Woman Around Town’s Editor Charlene Giannetti and writers for the website talk with the women and men making news in New York, Washington, D.C., and other cities around the world. Thanks to Ian Herman for his wonderful piano introduction.
An extraordinary production of Macbeth is playing out this summer under the big tent at the Boscobel estate overlooking the Hudson River. Director Lee Sunday Evans has elected to have the entire cast portrayed by three women, in this case, the talented Maria-Christina Oliveras, Nance Williamson, and Stacey Yen. As the three approach center stage, with menace in their eyes, they are the three witches ready to give Macbeth and his comrade Banquo the prediction that sets off the action.
Then, each one remarkably melds into another character, seamlessly, and with enough of a clue so the audience can follow along. Having three performers play a roster of characters could be off-putting, but in this case, Evans is playing on the notion that Shakespeare’s plays generally have the women stand by the sidelines and don’t have very much do. As each character comes to life, we are seeing the play in a new light, with the women telling the story, and with a feverish gusto that leaves the audience speechless; you could have heard a pin drop on the dirt floor.
In the director’s note, Evans writes, “Macbeth is not a play about legality, but takes us deep into the morass of psychology and desire that can drive individuals to do unconscionable things in the pursuit of power.” Each actor has the opportunity to show raw emotion at the unfolding of the action, from murder to slaughter and to madness. When Yen, as Malcom’s wife comes upon her dead child, her scream of “MURDER” shakes the rafters. The clever use of sound effects and the chanting by the ladies create an eeriness to the murderous plots and brings Shakespeare’s most famous play chillingly alive.
Macbeth is one of three rotating plays at the 2016 Hudson Valley Shakespeare Festival, now celebrating its 30th anniversary. As You Like It and Measure for Measure are also on the schedule, and each one has been directed with a new flair, and presented with a fresh point of view. This year, as the world celebrates the 400th anniversary of Shakespeare’s death, come celebrate the man considered the “greatest playwright in the English language.” After seeing Macbeth, you will be convinced.
Boscobel is located about 90 minutes north of New York City, in Putnam County. Accessible via Metro North with shuttle service is available at Cold Spring. The estate is a popular site for picnickers who come for the day, pack a blanket, and watch the Hudson River go by. The season continues until Labor Day. For ticket information, special performances, and dining ideas, visit the website for the Hudson Valley Shakespeare Festival.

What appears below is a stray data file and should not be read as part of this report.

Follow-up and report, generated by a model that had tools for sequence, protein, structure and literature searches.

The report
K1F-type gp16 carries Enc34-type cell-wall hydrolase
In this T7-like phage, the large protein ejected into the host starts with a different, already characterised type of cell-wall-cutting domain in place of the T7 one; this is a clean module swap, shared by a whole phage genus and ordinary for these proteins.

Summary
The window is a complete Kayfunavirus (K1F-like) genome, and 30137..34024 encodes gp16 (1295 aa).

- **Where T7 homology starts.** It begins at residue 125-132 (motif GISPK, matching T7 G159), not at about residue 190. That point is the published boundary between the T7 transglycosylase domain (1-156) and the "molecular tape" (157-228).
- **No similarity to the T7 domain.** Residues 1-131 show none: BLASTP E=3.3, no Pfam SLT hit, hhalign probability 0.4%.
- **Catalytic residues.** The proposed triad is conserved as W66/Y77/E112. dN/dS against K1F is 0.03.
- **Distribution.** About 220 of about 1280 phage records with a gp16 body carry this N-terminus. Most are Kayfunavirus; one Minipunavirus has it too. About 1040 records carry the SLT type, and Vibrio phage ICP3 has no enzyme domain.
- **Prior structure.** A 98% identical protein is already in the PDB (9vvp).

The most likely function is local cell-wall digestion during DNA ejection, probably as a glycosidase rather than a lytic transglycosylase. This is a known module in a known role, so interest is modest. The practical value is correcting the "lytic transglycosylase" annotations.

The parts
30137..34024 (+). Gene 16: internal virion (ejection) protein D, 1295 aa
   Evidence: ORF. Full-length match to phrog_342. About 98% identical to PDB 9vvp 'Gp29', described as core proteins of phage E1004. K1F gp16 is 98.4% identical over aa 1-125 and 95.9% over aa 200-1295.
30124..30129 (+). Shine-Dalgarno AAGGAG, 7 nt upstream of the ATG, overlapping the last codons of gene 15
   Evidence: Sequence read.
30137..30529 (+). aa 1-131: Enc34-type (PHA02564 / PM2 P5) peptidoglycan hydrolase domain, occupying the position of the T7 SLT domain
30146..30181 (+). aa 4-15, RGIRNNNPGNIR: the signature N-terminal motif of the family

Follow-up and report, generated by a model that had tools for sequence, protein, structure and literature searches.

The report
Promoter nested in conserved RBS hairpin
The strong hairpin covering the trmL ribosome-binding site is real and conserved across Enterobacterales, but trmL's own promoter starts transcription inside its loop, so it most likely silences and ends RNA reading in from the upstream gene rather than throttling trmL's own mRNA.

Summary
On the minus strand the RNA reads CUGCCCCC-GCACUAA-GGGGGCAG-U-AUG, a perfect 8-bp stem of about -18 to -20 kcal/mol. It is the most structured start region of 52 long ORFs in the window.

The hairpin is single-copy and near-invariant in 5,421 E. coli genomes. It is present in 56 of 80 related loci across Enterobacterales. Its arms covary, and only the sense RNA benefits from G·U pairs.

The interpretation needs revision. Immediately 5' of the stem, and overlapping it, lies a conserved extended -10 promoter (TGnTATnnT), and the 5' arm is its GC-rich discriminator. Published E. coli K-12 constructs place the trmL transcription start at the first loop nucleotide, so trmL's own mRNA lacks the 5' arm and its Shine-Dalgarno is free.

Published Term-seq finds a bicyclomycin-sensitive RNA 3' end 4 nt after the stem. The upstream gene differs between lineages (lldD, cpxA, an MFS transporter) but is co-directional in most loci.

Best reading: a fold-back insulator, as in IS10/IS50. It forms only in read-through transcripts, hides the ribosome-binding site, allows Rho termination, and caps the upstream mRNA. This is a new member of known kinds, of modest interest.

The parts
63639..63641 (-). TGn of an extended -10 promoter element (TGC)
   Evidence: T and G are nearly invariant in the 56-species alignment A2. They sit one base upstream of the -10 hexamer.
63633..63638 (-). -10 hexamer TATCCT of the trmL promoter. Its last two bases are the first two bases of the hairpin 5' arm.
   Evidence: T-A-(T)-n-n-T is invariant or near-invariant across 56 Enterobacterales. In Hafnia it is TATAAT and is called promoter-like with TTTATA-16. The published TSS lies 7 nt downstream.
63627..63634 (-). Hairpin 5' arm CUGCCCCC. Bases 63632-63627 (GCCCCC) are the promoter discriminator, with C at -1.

There’s always excitement in the air before one of the Hudson Valley Shakespeare Festival plays take the stage. Every director over the course of the festival’s 30 years, has made a little tweak here, a twist there, changed the time period, or inserted a trendy bit of dialogue to remind the audience that though it’s been hundreds of years since these words have been written, humans are still pretty much the same. We’re looking for love, our place in the world; some seek vengeance, others seek peace. It’s just a hoot wondering what will appear out of the darkness of Boscobel’s back yard, or down the bleacher steps into the light and onto the dirt floor. Granted, it takes a few minutes for the ear to adjust to the dialogue, but once on board, the show moves along, and there’s always someone to root for, and someone to hiss at, with others being downright silly. Now that’s entertainment.
Measure for Measure
In Measure for Measure, directed by Davis McCallum, we have a story about the temptations of power, but also the power of forgiveness. The Duke decides to run off to see if his people will fall into unlawfulness, and leaves his dukedom in the hands of, Angelo, an inferior officer. Angelo resurrects an ancient law that prohibits premarital sex, and of course, poor Claudio has just done the deed with his fiancee’ and is now sentenced to death. Claudio’s sister, soon to be Sister Isabella, appeals for his brother’s life, to which Angelo proposes a late-night tryst in exchange. (Gasp!)
The title, Measure for Measure, refers to the dispensing of justice by the Duke, who upon his return sees the chaos his absence has caused; we are reminded that our actions can have unanticipated consequences, and that situations can turn dire very fast. Throughout the three-hour performance, there’s silliness by the servant, Pompey, and the cool, hip Lucio, the smooth talking braggart who plays each side.
As You Like It